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Lakes Under Ice?

How can there be a lake under an ice sheet?   While it might seem impossible that there could be pooled collections of water under a million year old ice sheet that is close to 2 miles thick, in fact scientists have located more than to 200 subglacial lakes in Antarctica.  How do these lakes form?  One way that liquid can form under ice is from energy radiating up from in the interior of the Earth.  The center of the Earth is hot and radiates heat, called geothermal heat.  This heat can be enough to warm and melt the bottom of the ice sheets.  Where there are topographic depressions this water will pool and collect into lakes.  Lakes can also form by the pressure of these several kilometers of  glacial ice pressing down.  This pressure can create heat causing melting at the base of the glacier, which pools into lakes.   

Just how big is a subglacial lake?   Lake Vostok, imaged here, is the largest Antarctic subglacial lake we are currently aware of. Vostok (Russian for 'East') rests on the East side of the Gamburtsev Mountains lying under 4000 meters of ice. It measures 250 km long, 50 km across at its widest, and 800 meters deep and at its deepest. The total size is close to that of Lake Ontario making it the sixth largest lake in the world  However, there are also many small lakes. 

Why are these lakes important?  As recently as 1998 scientists thought that these subglacial lakes were isolated pockets of water that had been protected from any outside influences for perhaps millions of years, like liquid museums.  Was there life in these lakes that had survived from before the last ice age?  The lakes do have the potential to be filled with life, but not in the form of fish or mollusks, but in a very small form such as microbes and bacteria.  These minute life forms are expected to have made their way down from the surface snow over the course of thousands of years.  Their isolation could mean that they have unusual mutations or adaptations to this extreme environment, which is highly pressurized, without light, and extremely cold.   However, we have learned in the last 20 year that these lakes are not completely isolated!

This image (created by Zina Deretsky/NSF) is a rendering of the complex network of ice streams and lakes that scientists have found exist under the ice sheet in Antarctica. The movement of water through this under-ice network affects the overlying ice sheet and the dynamics of the many ice streams that carry ice from the center of the continent towards the surrounding ocean. There is still much that is unknown about this process. Understanding the linkages between ice sheets and underlying subglacial environments is a key piece of this research as well as other research being conducted as part of the current IPY.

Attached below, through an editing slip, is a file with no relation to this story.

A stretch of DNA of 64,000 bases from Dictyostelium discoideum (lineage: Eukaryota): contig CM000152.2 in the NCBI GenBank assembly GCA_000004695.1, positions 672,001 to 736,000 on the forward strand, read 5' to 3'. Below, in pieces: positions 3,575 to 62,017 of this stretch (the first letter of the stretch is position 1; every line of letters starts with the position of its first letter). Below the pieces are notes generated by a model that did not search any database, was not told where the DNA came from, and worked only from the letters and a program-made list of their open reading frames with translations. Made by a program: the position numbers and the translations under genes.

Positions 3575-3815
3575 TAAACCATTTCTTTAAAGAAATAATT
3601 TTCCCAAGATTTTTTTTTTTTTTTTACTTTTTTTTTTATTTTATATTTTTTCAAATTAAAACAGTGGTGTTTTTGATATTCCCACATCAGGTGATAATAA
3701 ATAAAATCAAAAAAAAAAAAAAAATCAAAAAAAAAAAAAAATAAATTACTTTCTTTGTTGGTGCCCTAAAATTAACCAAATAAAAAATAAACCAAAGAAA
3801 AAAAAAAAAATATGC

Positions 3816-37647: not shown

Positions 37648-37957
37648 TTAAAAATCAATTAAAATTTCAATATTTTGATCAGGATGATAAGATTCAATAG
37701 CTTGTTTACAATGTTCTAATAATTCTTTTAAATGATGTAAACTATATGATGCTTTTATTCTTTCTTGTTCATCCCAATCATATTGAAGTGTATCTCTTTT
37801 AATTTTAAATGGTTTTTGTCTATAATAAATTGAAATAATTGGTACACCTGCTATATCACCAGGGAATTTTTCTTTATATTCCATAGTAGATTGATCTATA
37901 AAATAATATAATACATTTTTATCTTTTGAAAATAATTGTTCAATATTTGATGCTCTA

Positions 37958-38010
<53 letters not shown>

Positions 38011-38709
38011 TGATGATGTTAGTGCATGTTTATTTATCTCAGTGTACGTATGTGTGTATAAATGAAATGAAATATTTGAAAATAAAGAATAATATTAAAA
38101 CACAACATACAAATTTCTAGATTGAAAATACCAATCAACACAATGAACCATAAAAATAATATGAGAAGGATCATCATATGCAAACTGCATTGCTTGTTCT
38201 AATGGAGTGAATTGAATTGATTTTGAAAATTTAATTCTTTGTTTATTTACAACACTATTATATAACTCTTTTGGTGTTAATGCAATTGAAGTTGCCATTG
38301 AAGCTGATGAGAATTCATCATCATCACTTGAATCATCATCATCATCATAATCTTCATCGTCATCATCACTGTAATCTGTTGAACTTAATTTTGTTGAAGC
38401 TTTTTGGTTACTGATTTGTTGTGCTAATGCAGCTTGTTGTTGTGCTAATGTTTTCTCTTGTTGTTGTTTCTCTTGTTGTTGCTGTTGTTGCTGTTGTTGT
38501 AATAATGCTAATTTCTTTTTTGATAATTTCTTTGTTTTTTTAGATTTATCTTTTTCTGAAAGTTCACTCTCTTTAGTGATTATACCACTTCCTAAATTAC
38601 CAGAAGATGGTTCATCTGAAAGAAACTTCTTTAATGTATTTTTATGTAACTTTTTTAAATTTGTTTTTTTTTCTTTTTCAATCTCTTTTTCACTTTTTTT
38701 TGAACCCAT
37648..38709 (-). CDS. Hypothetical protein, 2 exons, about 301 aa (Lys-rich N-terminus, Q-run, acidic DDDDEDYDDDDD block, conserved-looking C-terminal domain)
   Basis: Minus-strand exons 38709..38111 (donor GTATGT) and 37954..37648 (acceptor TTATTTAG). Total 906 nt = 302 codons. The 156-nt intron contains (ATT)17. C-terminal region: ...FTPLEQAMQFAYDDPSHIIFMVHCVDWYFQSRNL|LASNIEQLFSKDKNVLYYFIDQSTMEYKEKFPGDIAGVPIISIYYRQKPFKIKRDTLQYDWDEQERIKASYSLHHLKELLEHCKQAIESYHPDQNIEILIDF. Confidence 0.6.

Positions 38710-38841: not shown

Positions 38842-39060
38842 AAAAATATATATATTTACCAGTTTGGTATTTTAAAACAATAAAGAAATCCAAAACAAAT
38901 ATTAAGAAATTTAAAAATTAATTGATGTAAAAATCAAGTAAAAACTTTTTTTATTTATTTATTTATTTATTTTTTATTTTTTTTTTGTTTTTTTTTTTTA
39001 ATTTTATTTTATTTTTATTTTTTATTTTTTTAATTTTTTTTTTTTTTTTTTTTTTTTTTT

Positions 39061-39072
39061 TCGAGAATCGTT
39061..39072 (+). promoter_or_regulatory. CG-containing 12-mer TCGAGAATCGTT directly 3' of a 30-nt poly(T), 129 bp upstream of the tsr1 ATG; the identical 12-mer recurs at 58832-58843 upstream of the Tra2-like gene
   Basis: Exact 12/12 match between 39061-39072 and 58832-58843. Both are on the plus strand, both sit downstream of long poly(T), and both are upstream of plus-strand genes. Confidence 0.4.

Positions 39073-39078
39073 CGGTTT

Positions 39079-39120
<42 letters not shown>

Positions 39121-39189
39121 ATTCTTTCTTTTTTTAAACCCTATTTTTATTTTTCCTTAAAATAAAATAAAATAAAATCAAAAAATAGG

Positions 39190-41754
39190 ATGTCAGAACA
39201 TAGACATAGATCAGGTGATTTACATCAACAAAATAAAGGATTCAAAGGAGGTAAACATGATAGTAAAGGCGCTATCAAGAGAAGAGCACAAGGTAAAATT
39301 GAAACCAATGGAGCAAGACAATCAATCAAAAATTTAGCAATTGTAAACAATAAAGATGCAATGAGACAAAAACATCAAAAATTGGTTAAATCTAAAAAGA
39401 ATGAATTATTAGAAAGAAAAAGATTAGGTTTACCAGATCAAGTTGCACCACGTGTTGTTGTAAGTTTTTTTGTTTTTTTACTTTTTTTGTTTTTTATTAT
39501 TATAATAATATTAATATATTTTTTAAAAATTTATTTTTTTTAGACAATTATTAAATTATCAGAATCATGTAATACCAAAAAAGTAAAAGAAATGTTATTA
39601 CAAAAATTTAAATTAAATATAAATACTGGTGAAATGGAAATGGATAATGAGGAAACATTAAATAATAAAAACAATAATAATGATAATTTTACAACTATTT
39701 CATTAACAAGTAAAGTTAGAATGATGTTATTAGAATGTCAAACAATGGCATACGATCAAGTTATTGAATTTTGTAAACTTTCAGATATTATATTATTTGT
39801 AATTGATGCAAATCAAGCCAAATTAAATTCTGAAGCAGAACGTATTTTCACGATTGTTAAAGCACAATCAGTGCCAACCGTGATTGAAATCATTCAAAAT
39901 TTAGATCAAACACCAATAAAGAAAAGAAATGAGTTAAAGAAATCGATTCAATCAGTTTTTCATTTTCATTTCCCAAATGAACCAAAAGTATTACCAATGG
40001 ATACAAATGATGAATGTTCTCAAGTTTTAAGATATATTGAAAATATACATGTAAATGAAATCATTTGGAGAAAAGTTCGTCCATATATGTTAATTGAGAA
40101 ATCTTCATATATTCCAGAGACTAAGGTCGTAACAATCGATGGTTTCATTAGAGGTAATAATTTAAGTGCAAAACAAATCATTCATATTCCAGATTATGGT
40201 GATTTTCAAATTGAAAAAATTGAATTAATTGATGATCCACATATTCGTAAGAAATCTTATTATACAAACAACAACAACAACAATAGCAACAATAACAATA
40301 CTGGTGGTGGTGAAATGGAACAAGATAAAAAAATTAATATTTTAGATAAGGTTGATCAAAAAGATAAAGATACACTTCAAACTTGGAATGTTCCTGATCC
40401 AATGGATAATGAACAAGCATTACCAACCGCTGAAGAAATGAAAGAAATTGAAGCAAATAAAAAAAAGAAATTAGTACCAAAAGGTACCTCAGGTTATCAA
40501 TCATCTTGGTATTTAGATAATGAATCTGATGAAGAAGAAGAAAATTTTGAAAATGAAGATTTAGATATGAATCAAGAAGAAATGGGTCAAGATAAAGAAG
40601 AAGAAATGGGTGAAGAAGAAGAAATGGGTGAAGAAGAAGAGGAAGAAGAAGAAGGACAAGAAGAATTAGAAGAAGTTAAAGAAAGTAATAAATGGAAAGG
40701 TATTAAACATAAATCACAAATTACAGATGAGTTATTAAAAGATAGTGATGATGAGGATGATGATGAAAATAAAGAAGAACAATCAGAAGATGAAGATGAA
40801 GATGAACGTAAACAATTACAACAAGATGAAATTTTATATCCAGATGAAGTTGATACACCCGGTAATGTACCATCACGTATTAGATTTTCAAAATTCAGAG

Although scientists have not yet sampled in any of the lakes they have collected enough data from radar, gravity and other remote methods to learn that water moves in and out of these lakes, connecting under the ice in a rather elaborate plumbing system.  While we don’t fully understand this system , we know this plumbing system has important consequences for the overlying glacier. Subglacial lakes that connect and drain into ice streams that flow under the ice sheet, can significantly increase the movement of the overlying ice.  Ice movement in the interior of Antarctica has been measured at about 2 meters a year. Water flowing out of the subglacial lakes can cause a ‘greasing’ underneath the ice sheet that actually floats the ice sheet off the bedding underneath causing it to slide along like a sled on a slick base.  This acceleration of movement from the underlying water can escalate glacier movement from 2 meters to 2 kms a year!  This means that slow moving ice in the interior of Antarctica could be accelerated so that it moves more quickly towards the exterior edges of the continent where it can be warmed by ocean currents causing ice sheet melting.  While scientists don’t yet know if subglacial lakes actually cause the onset of ice stream movement, it is something we hope to learn more about through this IPY project.

Ho do subglacial lakes speed the ice flow? Using satellite measurements, Bell et al. (Nature 445 904–907 (2007).) found four subglacial lakes right at the onset of fast ice flow at the Recovery Glacier ice stream in Dronning Maud Land, Antarctica. They propose that the freezing of lake water to the base of the ice sheet (pink area), together with water spilling over from the lake and scouring the bedrock, could reduce friction and help speed up ice flow towards the sea.

How do satellite measurements work? The relative strength of reflection of ground-based radar distinguishes between bedrock and water at the base of an ice sheet, and the characteristic flat area in the ice surface above a subglacial lake can be detected by satellite-based surface observations.

Image and caption by permission from Macmillan Publishers Ltd: Nature, Kohler, J., Glaciology: Lubricating lakes, 445, 830-831(22 February 2007)

This project funded through NSF Antarctic Research Grants #ANT 0632292; ANT 0619457 | contact us | web master
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